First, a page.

Next pixelated food container done!
Shut inside my apartment, awaiting better days, I bead the cans before I eat them.
To be continued.
Outside Border, part 2: the objects.
1. All that lost potential
Even without violence, time slowly shuts you down. It deposits layers of leftovers from the borders you couldn’t cross. Rust spreads, corrodes and buries you, makes you useless. Not crossing means you are stuck, closed out and closed in at the same time.
2. All those dreams
In the game of acting yourself every day, where do we keep the things we save for later? The ageing dreams and the abandoned plans. Where do the unused end up when we forget about it? When we give it up.
3. All the perspectives
The cost of sorting is paid by the sorted – placed in a category that shapes who they can be. But also by everyone else, when all the problems they could have solved go unsolved.
New project, made in response to an exhibition invitation from curator Winnie Pelz. Part 1: the process.
“The European colonists created an egg without a chicken, a logical absurdity repeated across the continent and one that continues to haunt it.” Tim Marshall, Prisoners of Geography
What is this island I stand on? And what is the rescue I’m hoping for? I’m waiting. To be useful. To cross the border. To be whatever “me” is.
What is the cost of drawing a line?
Without the right key
you’re stuck between doors
rusting while waiting.
all the doors we could have opened
no longer apply.
I have been four people in this project. The explorer, the introvert, the organizer and the corpus maker.
The explorer is the one traveling the ocean, looking at the world with curiosity and deciding to own it. Ruthless science and colonialism: to do because we can, or to do to find out if it can be done.
One of the most common questions I got during the exam exhibition was what material the branch is made of. When I answered “raw hide… skin”, the asker’s look changed and they just had to ask “human skin?”. I wonder how we can be explorers without being colonizers.
“The travelable distance”
The introvert is the one remembering that we might sleep half a meter away from another person, but a wall of concrete make us exist in different worlds. We are only aware of the neighbours upstairs when they are disturbing us, we co-exist at a distance and agree to pretend that someone else will save the world.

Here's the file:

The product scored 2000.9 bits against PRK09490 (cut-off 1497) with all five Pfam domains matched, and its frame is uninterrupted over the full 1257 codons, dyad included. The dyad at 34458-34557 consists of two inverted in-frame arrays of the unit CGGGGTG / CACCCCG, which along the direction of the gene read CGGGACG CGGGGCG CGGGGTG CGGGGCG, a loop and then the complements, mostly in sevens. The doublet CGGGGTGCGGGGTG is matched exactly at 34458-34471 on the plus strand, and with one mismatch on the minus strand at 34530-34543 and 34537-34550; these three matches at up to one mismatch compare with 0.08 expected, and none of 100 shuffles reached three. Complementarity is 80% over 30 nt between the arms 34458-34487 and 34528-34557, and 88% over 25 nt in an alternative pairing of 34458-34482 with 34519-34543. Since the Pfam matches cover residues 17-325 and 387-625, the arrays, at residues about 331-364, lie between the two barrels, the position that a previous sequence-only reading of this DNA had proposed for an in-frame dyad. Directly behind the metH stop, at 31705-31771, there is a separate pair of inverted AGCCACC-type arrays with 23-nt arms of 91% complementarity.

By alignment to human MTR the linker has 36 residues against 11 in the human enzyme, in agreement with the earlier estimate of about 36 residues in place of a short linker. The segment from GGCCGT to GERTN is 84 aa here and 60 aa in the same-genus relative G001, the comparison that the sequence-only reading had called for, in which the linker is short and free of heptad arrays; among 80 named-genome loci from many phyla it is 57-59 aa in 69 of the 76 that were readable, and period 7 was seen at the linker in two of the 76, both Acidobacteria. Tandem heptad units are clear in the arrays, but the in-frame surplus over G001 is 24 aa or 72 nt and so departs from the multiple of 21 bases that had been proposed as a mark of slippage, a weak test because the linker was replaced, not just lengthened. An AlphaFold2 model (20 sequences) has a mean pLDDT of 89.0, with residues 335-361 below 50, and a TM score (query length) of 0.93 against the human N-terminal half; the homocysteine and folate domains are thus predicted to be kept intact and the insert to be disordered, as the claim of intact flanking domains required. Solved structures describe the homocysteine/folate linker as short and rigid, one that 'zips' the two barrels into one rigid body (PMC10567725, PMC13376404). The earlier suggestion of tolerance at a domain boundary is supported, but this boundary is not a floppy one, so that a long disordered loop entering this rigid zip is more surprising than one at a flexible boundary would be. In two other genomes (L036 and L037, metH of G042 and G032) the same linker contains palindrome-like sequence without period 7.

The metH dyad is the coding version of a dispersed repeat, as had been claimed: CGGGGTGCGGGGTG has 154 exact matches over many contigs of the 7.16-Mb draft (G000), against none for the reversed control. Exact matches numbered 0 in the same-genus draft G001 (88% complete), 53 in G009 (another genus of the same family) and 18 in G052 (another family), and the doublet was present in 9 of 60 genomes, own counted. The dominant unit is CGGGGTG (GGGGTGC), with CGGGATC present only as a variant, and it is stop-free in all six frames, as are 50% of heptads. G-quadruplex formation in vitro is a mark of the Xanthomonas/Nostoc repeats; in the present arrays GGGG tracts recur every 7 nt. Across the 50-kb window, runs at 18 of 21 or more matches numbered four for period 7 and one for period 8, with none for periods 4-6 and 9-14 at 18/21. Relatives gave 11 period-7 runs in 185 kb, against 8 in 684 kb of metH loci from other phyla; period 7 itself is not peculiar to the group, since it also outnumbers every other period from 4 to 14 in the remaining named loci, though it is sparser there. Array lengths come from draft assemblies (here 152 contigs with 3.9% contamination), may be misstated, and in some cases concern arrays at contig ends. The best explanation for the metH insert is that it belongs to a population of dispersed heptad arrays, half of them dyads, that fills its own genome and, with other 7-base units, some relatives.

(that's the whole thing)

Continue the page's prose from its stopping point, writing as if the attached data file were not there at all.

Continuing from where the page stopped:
“The apartment next to theirs” (left) and “If they weren’t made to be empty” (right)
The organiser is the one documenting and collecting. Sorting the world and combining the fragments into our preferred version of reality. Ideally I would like my work to meet an audience slowly and quietly, like the way you find lost things in the attic and you wonder who they used to belong to.
“Our preferred version of reality”
The corpus maker is the one placing the borders around pieces of emptiness, the definer of inside and outside. Possibly even the creator of inside and outside, since neither of them can exist without the meeting place that is the border.
“The only other piece of land”
Exam presentation set up.
Exam exhibition with cast concrete floor and 4 of 7 pieces.
Done. Next project.
When you make a container you place borders around pieces of emptiness. The emptiness is given shape and becomes a space inside the border.
This space is often used to protect or separate matter of different value from each other or to sort the world to make it easier for us to use. For instance keeping the sugar from being mixed with all the other things on the table until we decide the time has come to mix them, or separating the bones of a saint from all mundane materials inside a reliquary, or building walls to make sure people stay in there assigned places.
In short: to protect what is contained against unwanted influences or to contain and isolate what is unwanted.
The border (the material divider) can itself be used to tell you something of what it encloses and how important it is, and also if it is closing something in or closing something out. But can it also contain the movement between the inside and the outside?
In theory the island has a clearly defined border. But where is it? The shoreline? In that case: low or high tide? Stormy weather or calm waves? Do the rivers belong to the island or to the ocean? And what about islands that are connected during low tide but separated during high tide?
Line: shellac and steel
Tunnel: shellac and fabric
Ocean: shellac and concrete
Tunnel with hand: shellac, fabric and hand
Melting: shellac and fabric
The amazing beauty of shellac in sunlight